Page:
Isn’t it funny how life can continuously build on the many challenges within your life to bring about change, both positive and negative? Change is the biggest variable we must learn to deal with when living with chronic illness, whether in ourselves or in a loved one. Coping with that change means learning to “Go with the Flow”.

I find life to be a fascinating and challenging study at times – a study in finding balance through change. In reflecting on the past few weeks, I can see the changes in myself, in people around me, in ripples flowing out into the world. OMG – I am starting to sound like I have been smoking something, don’t I? Well, have patience and bear with me, please!

I look at how yoga has brought profound change to my life these past months – giving me back my ability to cope with the constant changes within my body due to my MS – from seizures to fatigue. It gave me back my confidence in my own ability to withstand the daily life challenges that we all face – by giving me the means to access my inner tranquility, my inner strength and peace, at any time I need it. It gave me back my physical confidence too – by giving me back my ability to stand strong and rooted to the earth, no longer afraid that I will be knocked to the ground by the slightest jostle.

While I cannot control when or if I will have seizures, nor their severity, I can control my own methods of coping. My method? To go with the Flow…the Flow being pretty much everything around me: the ebb and tide of monthly cycles; the flow of hormones as the change of life stage begins in earnest; the daily, even hourly, changes of my MS symptoms, from pain levels and nausea to fatigue and cognitive ability. (The bane of my scientific existence – I see patterns within patterns! ) The Flow includes the people and world around you too – I can affect the Flow by my own reactions to my internal Flow – if I react to pain and fatigue by becoming snappish – my Flow can create a ripple of anxiety which can negatively impact the people around me. If however, I react to pain and fatigue by becoming quiet and remaining calm and focused, my Flow has much less impact on those around me – others may be concerned, but not anxious or frustrated. Sometimes, I literally stop everything just to close my eyes and breathe.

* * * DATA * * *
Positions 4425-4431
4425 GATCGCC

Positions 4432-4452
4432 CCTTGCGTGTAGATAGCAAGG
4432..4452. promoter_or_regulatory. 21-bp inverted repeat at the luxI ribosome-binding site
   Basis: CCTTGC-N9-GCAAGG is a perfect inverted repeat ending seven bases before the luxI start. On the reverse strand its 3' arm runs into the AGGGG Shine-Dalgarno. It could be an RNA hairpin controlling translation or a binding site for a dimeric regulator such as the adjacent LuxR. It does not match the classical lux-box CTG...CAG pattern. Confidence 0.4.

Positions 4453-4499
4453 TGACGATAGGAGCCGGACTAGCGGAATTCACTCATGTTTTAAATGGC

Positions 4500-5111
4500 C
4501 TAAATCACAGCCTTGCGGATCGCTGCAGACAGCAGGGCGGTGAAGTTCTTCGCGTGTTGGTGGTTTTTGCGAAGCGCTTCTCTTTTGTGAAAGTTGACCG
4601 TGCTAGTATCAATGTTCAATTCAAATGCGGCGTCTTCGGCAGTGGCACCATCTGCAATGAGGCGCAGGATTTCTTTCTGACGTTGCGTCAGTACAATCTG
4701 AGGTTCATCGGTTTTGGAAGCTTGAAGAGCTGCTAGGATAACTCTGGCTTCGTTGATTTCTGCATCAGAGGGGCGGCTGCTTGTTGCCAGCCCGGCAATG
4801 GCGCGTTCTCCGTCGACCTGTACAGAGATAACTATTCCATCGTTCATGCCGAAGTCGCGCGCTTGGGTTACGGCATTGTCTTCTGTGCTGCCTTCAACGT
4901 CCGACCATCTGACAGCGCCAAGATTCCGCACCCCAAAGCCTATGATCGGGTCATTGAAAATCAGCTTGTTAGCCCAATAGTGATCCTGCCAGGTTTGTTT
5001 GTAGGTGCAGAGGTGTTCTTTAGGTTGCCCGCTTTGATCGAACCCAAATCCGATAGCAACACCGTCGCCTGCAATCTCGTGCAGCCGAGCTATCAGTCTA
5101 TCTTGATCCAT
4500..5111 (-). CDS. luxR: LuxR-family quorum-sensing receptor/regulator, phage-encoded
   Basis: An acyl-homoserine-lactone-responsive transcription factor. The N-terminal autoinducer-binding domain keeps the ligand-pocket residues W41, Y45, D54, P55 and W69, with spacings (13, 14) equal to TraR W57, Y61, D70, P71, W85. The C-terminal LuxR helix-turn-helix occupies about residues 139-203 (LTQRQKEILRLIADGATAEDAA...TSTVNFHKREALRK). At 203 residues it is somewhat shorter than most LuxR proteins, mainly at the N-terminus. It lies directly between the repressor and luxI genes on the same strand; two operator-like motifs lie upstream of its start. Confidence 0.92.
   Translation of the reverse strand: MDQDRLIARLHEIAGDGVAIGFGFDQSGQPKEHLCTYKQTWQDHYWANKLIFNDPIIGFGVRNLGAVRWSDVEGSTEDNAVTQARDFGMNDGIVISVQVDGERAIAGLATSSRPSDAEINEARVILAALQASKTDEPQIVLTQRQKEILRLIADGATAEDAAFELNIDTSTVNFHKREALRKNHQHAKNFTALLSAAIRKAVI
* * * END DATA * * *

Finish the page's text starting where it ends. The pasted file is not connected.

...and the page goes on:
Flowing water

This ability to “go with the flow” is very important for someone with a chronic illness like MS, because plans can change on a dime depending on the “symptom flare du jour”. During the busy holiday season, the ability to go with the flow can become critical in managing your own health.

In yoga philosophy, going with the flow is often compared to being fluid like water. Water bends itself around obstacles – always finding a path forward some way, some how. (OK – All you weather weenies out there, let’s not get into the heavy factual details. I know water can also create amazing damage – but stay with me here! I am drawing a picture!)

My point? This holiday season, as the schedules become frantically busy, and the weather gets colder, strive to maintain inner balance and manage your health by going with the Flow; your Flow – whatever that may be on any given day. Honour that flow – and honour yourselves. That’s the best holiday gift you could ever give yourself – and to your loved ones.

Namaste.

Carolyne

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